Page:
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There have been numerous conflicting interpretations of the stratigraphy and age of the Castle Hayne Limestone since it was first formally described by Miller (1912). Recent interest in these Eocene carbonates was precipitated by nearly simultaneous, but very different stratigraphic revisions proposed by Baum et al. (1978c) and Ward et al. (1978) (Figure 1). Subsequent studies by Baum et al. (1979), Worsley and Turco (1979), Zullo and Baum (1979, 1980), Harris and Zullo (1980), Kier (1980), Ward and Blackwelder (1980), Baum (1981), Otte (1981), Jones (1983), Berggren and Aubry (1984), Hazel et al. (1984), Zullo (1984), and Harris et al. (1984) addressed more specific issues of paleontology, biostratigraphy, ehronostratigraphy, and petrology, and some were directed toward a substantiation of one of the 1978 stratigraphic revisions.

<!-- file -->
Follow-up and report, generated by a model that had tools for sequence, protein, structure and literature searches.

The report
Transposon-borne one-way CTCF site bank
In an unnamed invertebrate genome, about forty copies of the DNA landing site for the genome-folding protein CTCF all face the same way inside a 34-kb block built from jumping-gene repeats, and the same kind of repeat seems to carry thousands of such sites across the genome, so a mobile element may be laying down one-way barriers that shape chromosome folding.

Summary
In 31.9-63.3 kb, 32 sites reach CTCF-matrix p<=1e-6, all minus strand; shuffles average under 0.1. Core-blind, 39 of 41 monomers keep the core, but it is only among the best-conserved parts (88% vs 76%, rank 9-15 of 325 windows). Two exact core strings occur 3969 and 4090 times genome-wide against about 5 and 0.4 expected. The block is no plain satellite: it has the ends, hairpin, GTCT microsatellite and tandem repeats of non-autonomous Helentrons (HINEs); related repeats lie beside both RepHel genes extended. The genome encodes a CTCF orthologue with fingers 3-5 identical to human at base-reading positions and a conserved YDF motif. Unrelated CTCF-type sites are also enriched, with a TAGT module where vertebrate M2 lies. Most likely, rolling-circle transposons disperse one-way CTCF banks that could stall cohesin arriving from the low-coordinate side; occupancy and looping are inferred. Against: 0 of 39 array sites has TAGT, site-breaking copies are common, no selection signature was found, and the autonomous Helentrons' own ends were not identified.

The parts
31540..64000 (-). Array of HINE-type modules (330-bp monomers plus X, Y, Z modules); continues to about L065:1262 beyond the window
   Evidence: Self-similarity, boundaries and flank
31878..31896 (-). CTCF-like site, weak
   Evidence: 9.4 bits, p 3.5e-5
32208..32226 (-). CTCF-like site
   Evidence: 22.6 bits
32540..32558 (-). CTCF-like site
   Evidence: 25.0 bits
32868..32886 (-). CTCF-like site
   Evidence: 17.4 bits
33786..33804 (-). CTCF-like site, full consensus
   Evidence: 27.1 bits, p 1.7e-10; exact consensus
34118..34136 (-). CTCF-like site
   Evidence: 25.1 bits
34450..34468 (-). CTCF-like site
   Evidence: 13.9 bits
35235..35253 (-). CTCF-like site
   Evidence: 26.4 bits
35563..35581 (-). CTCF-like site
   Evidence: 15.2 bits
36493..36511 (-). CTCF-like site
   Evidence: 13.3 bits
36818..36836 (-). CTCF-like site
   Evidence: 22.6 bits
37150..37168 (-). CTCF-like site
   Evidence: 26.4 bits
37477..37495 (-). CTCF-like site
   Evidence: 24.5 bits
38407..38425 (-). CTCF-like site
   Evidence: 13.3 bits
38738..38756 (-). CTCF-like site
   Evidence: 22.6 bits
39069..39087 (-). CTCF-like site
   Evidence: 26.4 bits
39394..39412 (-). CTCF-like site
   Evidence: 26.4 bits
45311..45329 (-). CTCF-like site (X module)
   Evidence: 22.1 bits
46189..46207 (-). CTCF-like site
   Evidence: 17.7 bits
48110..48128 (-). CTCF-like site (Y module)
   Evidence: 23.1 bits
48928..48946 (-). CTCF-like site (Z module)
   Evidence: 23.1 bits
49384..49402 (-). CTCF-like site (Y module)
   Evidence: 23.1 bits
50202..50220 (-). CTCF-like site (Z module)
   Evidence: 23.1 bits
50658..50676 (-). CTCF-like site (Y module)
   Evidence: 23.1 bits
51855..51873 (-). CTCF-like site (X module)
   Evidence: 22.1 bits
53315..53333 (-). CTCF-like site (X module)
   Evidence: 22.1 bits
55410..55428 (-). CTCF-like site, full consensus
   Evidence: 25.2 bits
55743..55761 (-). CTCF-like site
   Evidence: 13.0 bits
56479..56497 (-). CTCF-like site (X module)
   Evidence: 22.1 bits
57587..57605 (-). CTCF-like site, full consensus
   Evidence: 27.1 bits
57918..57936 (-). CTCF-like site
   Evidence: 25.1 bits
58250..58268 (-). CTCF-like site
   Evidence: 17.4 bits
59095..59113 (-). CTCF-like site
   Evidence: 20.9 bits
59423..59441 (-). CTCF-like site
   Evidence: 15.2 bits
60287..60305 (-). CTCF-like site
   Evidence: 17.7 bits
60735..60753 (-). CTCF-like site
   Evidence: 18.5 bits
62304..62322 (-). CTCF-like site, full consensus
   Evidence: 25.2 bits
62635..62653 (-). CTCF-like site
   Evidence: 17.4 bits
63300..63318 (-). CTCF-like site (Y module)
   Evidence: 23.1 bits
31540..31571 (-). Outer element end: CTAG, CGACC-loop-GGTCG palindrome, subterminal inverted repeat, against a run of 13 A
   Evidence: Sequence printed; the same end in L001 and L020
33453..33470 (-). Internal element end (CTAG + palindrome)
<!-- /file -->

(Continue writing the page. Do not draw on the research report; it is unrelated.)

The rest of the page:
Kier (1980) in his monograph of Eocene echinoids of the Carolinas, provided the first indication that neither of the 1978 stratigraphic revisions truly reflected the lithostratigraphic complexities encompassed by the varied carbonate facies grouped in the Castle Hayne Limestone. Kier established a sequence of three Informal assemblage zones (”early,” ”middle” and ”late”) that strongly suggested that the assignment of Eocene carbonates to either the scheme of Ward et al. (1978) or Baum et al. (1980) was in error. Although the significance of Kier’s new data was initially recognized by Baum et al. (1979), and is partially reflected in the correlation chart proposed by Harris and Zullo (1980), it has only been through the application of sequence-stratigraphic concepts to the Castle Hayne that a coherent stratigraphic

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